All the characters from the first make cameos (well, the ones who survived), & it is because of the magnifying glass on "The Girl (with the Dragon Tattoo)" & the slow introduction of our old pals that makes this a more enjoyable read. The focus of the book changes radically and Mikael Blomkist, the protagonist of Book 1 is more in the background this time. Lisbeth is totally more interesting than Mikael. & yet, I am not quite certain if it is enough.

New "thrillers" tend to give you pages and pages you can devour but, really, in perhaps more elegant hands these tales may have touched the Gates of LITERATURE and less trees would have been used. This is a Hollywood flick with symbolism which adds much needed relevance to the genre--& all this is good. Also good--the anti-Macho sentiment and reversal of roles (in this case--the girl with Aperger's is smarter, more agile and even richer than most of the human population) which will be undoubtedly be scrutinized furthermore in the concluding installment. But I am starting to fear that, like a way (wayyyy) more respectable and smarter "Twilight" franchise (popularity-wise), the "Millennial" books may all turn out to be more noise and spectacle than substance.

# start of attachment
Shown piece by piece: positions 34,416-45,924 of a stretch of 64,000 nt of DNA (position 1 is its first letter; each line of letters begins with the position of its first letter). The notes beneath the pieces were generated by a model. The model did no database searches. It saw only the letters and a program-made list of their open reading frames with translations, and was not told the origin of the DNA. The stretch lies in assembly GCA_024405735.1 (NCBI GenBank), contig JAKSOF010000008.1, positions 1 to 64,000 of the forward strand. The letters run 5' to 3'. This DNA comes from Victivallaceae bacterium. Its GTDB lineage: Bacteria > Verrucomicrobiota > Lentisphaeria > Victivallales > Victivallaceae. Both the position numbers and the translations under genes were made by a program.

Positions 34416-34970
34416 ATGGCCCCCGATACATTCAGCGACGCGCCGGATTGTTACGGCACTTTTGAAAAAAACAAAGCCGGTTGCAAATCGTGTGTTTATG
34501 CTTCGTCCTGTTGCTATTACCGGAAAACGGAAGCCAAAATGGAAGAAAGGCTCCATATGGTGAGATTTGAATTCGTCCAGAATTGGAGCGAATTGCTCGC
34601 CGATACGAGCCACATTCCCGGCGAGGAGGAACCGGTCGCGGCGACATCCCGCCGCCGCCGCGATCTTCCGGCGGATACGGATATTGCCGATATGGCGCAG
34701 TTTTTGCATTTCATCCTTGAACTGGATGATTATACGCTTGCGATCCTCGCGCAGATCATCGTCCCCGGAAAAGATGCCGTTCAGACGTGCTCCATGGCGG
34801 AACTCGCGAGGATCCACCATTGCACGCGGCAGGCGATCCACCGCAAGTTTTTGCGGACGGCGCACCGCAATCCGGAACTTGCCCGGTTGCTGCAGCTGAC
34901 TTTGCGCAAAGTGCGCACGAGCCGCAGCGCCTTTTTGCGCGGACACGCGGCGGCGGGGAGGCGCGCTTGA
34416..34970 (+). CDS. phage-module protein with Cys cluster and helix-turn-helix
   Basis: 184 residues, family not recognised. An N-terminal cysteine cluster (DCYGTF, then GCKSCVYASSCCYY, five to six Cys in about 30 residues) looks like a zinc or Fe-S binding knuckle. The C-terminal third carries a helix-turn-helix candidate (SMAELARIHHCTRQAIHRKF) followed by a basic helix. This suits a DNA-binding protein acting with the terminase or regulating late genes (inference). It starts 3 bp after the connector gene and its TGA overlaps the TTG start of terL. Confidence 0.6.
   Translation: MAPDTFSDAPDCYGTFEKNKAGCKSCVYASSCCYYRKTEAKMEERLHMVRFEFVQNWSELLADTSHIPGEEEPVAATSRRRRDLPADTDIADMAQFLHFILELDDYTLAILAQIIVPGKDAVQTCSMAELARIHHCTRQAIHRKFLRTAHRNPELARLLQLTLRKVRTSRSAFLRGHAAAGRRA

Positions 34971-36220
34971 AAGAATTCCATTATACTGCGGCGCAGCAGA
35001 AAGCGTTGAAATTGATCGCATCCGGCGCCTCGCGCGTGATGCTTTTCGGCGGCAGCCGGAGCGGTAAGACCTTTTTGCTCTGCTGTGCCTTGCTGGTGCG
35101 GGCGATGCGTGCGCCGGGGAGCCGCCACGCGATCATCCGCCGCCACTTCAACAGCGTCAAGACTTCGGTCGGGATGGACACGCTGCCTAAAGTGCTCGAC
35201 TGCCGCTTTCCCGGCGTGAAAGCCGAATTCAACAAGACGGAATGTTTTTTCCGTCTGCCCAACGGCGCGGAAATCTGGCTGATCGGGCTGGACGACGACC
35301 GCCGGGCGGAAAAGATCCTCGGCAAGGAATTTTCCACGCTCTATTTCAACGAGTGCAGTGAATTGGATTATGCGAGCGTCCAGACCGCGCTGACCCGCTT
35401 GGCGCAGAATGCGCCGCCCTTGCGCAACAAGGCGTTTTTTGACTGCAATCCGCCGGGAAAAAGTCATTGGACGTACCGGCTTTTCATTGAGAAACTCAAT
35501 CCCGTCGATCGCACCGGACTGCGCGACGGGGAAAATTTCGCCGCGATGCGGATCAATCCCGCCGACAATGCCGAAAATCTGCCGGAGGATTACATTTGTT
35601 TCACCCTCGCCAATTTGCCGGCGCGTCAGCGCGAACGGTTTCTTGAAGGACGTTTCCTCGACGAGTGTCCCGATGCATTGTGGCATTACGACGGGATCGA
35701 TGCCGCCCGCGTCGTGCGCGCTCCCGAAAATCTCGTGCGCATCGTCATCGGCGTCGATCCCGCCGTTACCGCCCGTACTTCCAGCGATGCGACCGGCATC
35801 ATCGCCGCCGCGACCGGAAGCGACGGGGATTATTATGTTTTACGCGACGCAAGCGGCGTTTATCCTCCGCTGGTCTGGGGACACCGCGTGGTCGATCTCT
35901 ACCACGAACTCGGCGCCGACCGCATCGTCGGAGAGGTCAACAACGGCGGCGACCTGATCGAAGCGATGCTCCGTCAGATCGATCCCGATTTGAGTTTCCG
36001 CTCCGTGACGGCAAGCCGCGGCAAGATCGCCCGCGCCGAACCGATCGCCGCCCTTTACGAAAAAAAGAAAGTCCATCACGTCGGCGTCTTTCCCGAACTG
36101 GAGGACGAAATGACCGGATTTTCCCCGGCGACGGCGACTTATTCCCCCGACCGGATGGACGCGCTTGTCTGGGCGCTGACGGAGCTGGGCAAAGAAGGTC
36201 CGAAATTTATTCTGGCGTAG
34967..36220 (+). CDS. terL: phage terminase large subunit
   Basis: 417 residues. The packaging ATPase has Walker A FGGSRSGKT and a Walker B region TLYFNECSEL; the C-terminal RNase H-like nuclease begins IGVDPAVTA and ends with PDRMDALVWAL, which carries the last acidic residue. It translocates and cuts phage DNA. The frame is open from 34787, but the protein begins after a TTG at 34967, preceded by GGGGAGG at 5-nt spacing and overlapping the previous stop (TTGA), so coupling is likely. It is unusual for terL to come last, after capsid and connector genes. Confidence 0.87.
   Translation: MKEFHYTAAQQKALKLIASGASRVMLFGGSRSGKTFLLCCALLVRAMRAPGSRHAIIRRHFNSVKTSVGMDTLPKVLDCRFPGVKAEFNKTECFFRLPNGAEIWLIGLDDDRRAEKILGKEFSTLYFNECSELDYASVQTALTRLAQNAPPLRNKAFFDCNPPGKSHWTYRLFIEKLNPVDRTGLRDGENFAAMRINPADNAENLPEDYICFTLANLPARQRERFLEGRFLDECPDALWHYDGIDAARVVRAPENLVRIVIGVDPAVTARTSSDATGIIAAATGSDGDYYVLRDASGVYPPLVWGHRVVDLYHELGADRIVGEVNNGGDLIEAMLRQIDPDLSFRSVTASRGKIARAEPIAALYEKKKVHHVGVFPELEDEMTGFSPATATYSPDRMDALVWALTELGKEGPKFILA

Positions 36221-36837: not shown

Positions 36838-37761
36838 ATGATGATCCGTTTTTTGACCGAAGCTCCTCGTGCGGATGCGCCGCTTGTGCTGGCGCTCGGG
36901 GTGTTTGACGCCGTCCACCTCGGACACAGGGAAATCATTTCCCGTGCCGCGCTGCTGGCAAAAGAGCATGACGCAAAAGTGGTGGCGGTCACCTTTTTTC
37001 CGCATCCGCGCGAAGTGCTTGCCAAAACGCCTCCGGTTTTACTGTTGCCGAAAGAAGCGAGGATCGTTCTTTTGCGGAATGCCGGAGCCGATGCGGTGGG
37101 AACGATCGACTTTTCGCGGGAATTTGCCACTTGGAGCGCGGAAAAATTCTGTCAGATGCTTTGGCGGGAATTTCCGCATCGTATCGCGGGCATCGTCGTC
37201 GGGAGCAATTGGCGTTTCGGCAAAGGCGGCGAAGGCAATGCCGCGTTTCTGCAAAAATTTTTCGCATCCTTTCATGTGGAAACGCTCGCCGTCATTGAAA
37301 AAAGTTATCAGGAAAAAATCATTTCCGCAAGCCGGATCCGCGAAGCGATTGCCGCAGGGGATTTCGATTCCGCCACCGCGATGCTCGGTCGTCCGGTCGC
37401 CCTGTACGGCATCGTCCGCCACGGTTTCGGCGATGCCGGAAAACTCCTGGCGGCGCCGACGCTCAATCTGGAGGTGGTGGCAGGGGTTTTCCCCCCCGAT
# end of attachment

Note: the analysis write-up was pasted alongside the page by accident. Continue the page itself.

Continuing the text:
November 23, 2018
This book was pretty slow getting started, but when it did, it did it with stupendous style. Lisbeth Salander ran the show in this one, which I really loved. I liked Lisbeth in the first book, but in this one, we see more sides to her than ever before. Let me put this plainly, I want to slurp freshly brewed coffee and scoff Billy pan pizza's with this woman, even if she is a cold and calculated pain in the ass at times.

What I especially liked about this book, was all the weird twists and turns. When I thought I'd definitely got a theory to what was actually going on, the author threw another major spanner in the works, and I was back to square one. You don't really find peace with the story, until the very end of the book, and at that point, I felt kind of deflated that I'd finished it. At this moment, I need more Lisbeth Salander!